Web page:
April 2007

School of Public Health and Health Services Celebrates 10 Years

GW President Stephen Joel Trachtenberg kicked off the 10th anniversary celebration for the School of Public Health and Health Services this fall. From left, the school’s founding Dean Richard Riegelman, current Dean Ruth J. Katz, President Trachtenberg, and former Dean Richard Southby.

A public health school located in Washington was a gleam in the eye of Richard Riegelman from the moment he arrived at GW in the mid-1970s to complete his medical training. “I recognized the need on my first day here,” he recalls, “and I saw that GW had the unique ability to meet that need.”

Three decades later the GW School of Public Health and Health Services is celebrating 10 years as the only school of public health in the nation’s capital, offering undergraduate and graduate education, research, and partnerships designed to improve health locally and worldwide.

Before the school’s formal charter in 1997, the building blocks for a school of public health were scattered throughout the University. GW’s School of Medicine and Health Sciences offered its first master of public health program in 1986. Elsewhere on campus, undergraduate and graduate exercise science programs were available. And the School of Business’ Department of Health Services Management and Policy trained health care managers and leaders, continuing a tradition dating back to the Eisenhower administration, when GW first offered an M.B.A. in hospital administration.

The school was officially chartered with the support and leadership of President Stephen Joel Trachtenberg, who recalled its formation during the convocation ceremony for new public health students in September 2006. “We had a great need for well-trained public health professionals that would serve the nation and our world,” he told the new students. “Together we made that happen and with your vision and the vision of your deans, we are embarking on the building of a new building for your school.”

“We had to strengthen the existing activities at GW and create a coherent structure in which to house them,” says Riegelman, a physician and faculty member since 1978, who spearheaded the effort to create a school of public health. “Given the resources of GW, our premier location in D.C., and the outstanding reputation of the programs that were already available, it was clear to us that the whole could be a lot greater than the sum of its parts.”

GW’s School of Public Health and Health Services now offers degree programs in seven departments. Doctoral programs, first offered in 1997, prepare students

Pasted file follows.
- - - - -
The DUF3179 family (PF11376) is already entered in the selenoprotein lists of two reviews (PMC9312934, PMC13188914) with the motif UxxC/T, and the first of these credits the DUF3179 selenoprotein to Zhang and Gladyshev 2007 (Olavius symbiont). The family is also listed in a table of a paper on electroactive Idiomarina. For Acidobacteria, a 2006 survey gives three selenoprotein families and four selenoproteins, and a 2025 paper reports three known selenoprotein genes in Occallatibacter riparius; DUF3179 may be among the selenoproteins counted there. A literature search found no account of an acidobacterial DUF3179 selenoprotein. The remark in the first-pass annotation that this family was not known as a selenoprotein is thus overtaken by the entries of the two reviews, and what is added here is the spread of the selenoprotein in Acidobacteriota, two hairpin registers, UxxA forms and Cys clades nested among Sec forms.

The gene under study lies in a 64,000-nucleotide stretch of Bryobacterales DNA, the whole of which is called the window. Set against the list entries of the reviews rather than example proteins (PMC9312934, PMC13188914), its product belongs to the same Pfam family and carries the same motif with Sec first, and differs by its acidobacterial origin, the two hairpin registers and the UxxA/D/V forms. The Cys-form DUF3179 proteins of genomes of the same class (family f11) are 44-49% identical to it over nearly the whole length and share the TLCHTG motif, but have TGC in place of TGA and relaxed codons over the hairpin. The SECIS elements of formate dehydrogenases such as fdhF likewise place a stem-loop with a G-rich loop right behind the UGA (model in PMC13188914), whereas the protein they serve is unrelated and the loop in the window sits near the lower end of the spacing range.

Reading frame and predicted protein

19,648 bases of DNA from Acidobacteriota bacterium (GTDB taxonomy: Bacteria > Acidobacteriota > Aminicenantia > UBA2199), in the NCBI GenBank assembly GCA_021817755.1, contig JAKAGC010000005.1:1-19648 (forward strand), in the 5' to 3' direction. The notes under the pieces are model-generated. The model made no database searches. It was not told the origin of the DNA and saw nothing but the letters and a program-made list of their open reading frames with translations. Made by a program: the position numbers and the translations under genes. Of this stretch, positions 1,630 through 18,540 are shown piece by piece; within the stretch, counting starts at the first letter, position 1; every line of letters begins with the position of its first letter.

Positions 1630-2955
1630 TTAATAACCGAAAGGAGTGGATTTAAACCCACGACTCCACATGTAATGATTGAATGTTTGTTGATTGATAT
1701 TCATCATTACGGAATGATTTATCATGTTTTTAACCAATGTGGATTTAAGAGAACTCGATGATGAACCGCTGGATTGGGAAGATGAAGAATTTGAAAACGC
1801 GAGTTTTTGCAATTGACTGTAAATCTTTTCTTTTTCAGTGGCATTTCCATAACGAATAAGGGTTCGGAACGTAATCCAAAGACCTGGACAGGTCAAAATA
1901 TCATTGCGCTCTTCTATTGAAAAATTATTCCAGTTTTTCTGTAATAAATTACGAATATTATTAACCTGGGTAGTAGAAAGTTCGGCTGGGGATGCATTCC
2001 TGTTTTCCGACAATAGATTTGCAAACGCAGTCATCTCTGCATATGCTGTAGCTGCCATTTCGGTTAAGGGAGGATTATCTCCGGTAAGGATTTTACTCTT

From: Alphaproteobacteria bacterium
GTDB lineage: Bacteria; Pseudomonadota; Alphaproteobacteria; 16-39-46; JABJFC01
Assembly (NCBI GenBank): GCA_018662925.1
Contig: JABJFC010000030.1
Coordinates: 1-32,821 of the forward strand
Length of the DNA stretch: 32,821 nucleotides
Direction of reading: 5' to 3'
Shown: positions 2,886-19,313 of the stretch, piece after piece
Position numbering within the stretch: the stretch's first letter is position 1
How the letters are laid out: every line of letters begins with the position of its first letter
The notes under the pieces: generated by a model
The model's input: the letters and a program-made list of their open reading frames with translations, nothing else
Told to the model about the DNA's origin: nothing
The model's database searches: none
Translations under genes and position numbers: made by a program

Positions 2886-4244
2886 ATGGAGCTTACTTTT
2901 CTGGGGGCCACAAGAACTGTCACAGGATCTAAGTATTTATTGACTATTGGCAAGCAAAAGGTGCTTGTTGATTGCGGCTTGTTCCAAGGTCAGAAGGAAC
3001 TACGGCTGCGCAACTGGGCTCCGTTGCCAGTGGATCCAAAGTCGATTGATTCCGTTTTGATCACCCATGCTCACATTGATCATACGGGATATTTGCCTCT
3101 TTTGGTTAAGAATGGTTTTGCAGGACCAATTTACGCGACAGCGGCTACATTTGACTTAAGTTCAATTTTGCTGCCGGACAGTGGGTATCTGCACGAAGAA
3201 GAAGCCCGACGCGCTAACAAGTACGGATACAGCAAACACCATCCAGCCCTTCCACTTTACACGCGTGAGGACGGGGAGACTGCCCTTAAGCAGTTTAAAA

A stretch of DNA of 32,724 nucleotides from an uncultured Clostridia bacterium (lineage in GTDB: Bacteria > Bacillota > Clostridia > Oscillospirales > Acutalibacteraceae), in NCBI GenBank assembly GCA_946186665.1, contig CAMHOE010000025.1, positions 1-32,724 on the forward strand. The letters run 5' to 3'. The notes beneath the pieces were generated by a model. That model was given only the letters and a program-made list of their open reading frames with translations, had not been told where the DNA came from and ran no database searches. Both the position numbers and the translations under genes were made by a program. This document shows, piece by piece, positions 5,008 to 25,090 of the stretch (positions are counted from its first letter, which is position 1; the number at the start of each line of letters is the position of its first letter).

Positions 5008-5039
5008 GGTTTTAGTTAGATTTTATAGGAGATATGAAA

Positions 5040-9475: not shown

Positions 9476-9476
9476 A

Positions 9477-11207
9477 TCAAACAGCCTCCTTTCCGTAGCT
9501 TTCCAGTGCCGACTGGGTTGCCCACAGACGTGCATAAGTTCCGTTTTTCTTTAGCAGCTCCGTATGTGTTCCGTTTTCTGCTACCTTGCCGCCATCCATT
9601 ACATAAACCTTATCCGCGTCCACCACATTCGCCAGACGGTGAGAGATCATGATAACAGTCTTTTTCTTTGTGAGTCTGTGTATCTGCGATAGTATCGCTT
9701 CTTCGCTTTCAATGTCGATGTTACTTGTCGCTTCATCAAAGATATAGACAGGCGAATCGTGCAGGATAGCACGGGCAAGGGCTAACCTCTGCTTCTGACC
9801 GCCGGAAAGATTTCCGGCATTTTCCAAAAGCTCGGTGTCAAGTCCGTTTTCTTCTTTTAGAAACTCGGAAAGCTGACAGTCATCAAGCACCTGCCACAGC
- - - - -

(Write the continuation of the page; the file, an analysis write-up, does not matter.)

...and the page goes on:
for leadership and research careers. Public health undergraduate degrees have been available since 2003, making the school a pioneer in a growing academic area. And joint degrees remain a tradition—among other opportunities, students can combine a law degree with an M.P.H. or pursue an M.A./M.P.H. with the Elliott School of International Affairs.

“Our curriculum is a dynamic vehicle for new ideas,” emphasizes Ruth J. Katz, who became dean in 2003. “As the world changes around us, we must be flexible and forward thinking.”

Research is another key mission of the school. Today, the total research portfolio for the school stands at some $35 million. That number reflects a doubling of the size of the research enterprise. The school’s percentage in research growth in recent years is the highest of any school at GW. “Research puts us on the map,” says Alan E. Greenberg, M.D. ’82, chair of the Department of Epidemiology and Biostatistics. “As we build our portfolio, we are better able to attract new faculty, recruit top graduate students, and enhance our national reputation.”

Last year, the school and the School of Medicine and Health Sciences jointly launched the HIV/AIDS Institute with a mission of establishing GW as a national center of excellence for HIV/AIDS education, research, and clinical care.
Also in 2006, the Jacobs Institute of Women’s Health officially joined the school, bolstering its resources to address policies related to women’s health care issues. In addition, the school is home to two Robert Wood Johnson Foundation programs: Urgent Matters, which helps hospitals ease emergency room crowding, and Expecting Success: Excellence in Cardiac Care, which focuses on improving health care for minority Americans. It now counts 20 academic centers and research institutes among its academic programs.

The school also capitalizes on its location in Washington to forge partnerships with local, national, and international public health organizations. “There is probably no place in the world with as much influence on public health as Washington, D.C.,” says John F. Williams, M.D. ’79, Ed.D. ’96, provost and vice president for health affairs. “That environment, and the faculty and students who are drawn to it, make the school an absolutely unique place in which to study.”

Faculty members in each of the school’s departments collaborate extensively with domestic and global policymaking, advocacy, and research agencies based in the city. Adjunct professors, including experts from the World Bank, the Institute
of Medicine, and the D.C. Department of Health, bring real-world perspectives to the classroom.

“The school’s premier location, unique opportunities for education, research and community service, world-class faculty, and diverse student body bring its motto to life—it is truly the Capital Connection to a Healthier World,” says Dean Katz. “From a gleam to a launch to a 10th anniversary, the School of Public Health and Health Services story is one to celebrate.”

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